Robert Stone in December 2006, at one of many apartment buildings in Manhattan’s East Village where he lived as a youth.Robert Stone, Novelist Inspired by War, Dies at 77 JAN. 10, 2015
“Dog Soldiers” (1974) employed the story of a drug-smuggling plot gone horribly awry (the plan is to bring three kilos of pure heroin from Vietnam to the States) to create a sort of parable of America’s disastrous military engagement in Southeast Asia, one mistake snowballing into another and another, with untold casualties along the way.
And “A Flag for Sunrise” (1981), set in a fictional Central American country, continued Mr. Stone’s exploration of the moral costs of both American adventurism abroad and revolutionary zeal on the left.
There are echoes in Mr. Stone’s novels of Graham Greene, Joseph Conrad and Malcolm Lowry, but in his most powerful work, his voice is thoroughly his own — dense, philosophical, baroque, sometimes tipping over into excess, but capable of conjuring the emotional temperature of a time and place with extraordinary intensity and fervor.
In novels like “Dog Soldiers” and “Damascus Gate” (1998), he deftly uses his reportorial eye and gift for bravura action sequences to create thrillers that reverberate with remarkable political and psychological power.
Mr. Stone once said he believed that in fiction, “character is literally fate,” and the people in his books tend to be outsiders in love with danger or the edge, or some idea of themselves as seekers trying to follow their dreams. They are drawn to dangerous places (Vietnam, Central America, the Middle East) and dangerous activities (deep-sea diving, solo sea voyages). They take too many drugs and drink too much alcohol, and the men are given to macho “antler-rattling” and poor impulse control.
National Book Award-winning author Robert Stone was on the fringes of the utopian counterculture of the 1960s — but he preferred to write about what happened when that dream went sour.
A Climate Summary of 2014 And an Outlook into the Spring of 2015 ~~ Joe Ramey ~~ NWS ~~ Grand Junction meteorologist
Clouds are beginning to move into the 4-corners this morning ahead of the next San Juan storm. By later tonight/Sunday morning scattered snow showers will increase as an upper level trough moves into the mountains. With a lack of strong storm dynamics don’t expect more than 3-6″ and maybe a little more for the higher terrain… rain/snow mix in the lower valleys.
This short lived disturbance will slowly come to an end by Sunday evening and replaced Monday by WSW flow from a stronger wave moving into the Great Basin. Two of the three models I look at share a positive world view of widespread snow for western Colorado Monday afternoon through Tuesday afternoon. Colder temperatures come with this storm so the valleys will see some snow but it’s too early to anticipate amounts because future models are surely to change as time goes by. Could see 2-4″ for the southern valleys and possible 6-10″ for the alpine regions especially on WSW aspects.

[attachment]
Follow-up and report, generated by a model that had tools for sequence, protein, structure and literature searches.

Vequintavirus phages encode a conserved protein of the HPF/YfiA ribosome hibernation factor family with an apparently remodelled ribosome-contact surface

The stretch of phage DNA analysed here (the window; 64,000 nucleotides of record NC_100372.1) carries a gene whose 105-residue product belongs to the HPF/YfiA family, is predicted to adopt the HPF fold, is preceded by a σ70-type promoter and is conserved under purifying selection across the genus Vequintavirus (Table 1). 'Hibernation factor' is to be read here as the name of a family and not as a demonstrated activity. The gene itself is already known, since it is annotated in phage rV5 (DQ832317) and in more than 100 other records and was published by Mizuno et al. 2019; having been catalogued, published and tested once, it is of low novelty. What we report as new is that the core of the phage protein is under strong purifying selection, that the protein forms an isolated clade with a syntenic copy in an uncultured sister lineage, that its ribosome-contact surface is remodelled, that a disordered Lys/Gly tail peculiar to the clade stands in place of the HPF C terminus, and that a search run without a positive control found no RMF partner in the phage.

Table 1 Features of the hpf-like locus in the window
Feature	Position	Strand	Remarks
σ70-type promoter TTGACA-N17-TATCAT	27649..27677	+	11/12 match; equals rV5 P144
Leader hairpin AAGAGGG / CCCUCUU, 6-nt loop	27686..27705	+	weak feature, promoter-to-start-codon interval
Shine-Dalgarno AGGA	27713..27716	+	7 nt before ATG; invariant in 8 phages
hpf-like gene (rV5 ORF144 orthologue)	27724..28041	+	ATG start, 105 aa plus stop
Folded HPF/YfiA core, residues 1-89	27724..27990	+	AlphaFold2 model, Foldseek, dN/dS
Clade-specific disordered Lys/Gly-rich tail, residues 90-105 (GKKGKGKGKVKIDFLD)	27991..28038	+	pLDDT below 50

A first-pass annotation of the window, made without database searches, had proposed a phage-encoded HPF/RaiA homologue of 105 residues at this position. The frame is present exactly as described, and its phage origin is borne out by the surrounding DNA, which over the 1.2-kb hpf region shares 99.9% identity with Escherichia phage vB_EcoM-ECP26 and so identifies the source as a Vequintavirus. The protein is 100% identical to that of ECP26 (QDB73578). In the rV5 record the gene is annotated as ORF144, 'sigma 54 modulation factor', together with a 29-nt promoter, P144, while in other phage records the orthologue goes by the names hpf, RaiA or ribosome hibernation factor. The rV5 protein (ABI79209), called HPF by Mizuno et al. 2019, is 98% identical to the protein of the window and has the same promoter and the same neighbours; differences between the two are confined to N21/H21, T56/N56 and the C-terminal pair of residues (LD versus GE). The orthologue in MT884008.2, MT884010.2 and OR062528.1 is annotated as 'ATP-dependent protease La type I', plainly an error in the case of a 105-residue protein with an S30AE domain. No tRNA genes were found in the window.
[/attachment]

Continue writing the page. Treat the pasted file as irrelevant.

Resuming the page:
As the system exits Colorado west coast high pressure ridging with dry conditions will move back into the Rockies for the remainder of the week.
RADAR UPDATE THIS MORNING (SUNDAY)
Cuba is the idiosyncratic sister of the Caribbean, and a large part of its idiosyncrasy stems from having watched as the last half-century passed it by. What was once a cultural hotbed moldered under Communism. Still, there is an embattled dignity in Havana’s dilapidated architecture, whether colonial style or Art Deco or even the midcentury classics; nowhere else does the traveler find this peculiar marriage between the contemporary and the antiquated, with its incongruous traces of the space age, of Spanish flair and Soviet flotsam. There is, too, a unique resilience among Cubans themselves, whose talent for improvisation, for making do with what’s at hand, is legendary. The feeling of living in frozen time is one of Cuba’s most frustrating realities and its most powerful allure. To imagine Cuba without it evokes an almost existential question.
The specter of a thaw is what motivated me, back in 2009, to press my father — an exile who arrived in the United States in 1962 at age 15, along with his younger brother — to see the island sooner rather than later. For more than 40 years, he refused to send a penny in its direction, either as remittance for his cousins (as it did many others, the revolution fractured our family) or as a tourist himself. That summer, he finally acquiesced, seeking to reconcile with his family and to discover what had become of his country.
Many of us — Cubans, exiles and second-generation Cuban-Americans — admire the anachronistic surfaces while also looking past them to see something else emerging. For years, Cuba has been much more than just jerry-built Chevys with Mitsubishi engines; Audis have been gliding through the streets of Havana for some time; mobile technology is increasingly common. A tourist economy fed by visitors from around the world has fueled a slow-motion modernization. Most of those hailing from the United States have been Cuban-Americans returning to see loved ones, but an increasing number are those with no familial connection to the island, just a fascination with its culture and contraband mystique.
Telluride Helitrax, but many years ago on a Visa commercial (late 80’s-early 90’s)… L-R (top) Dave Bush, Tim Kudo, Mark Frankmann, Speed Miller, Tom Sharp (pilot), Jack Coffman. Bottom- Mike Friedman, Bert Adams. Check out the typical “Heli-pose” with the guides kneeling/standing in front of the ship, the not-so-fat skis and dig those outfits…..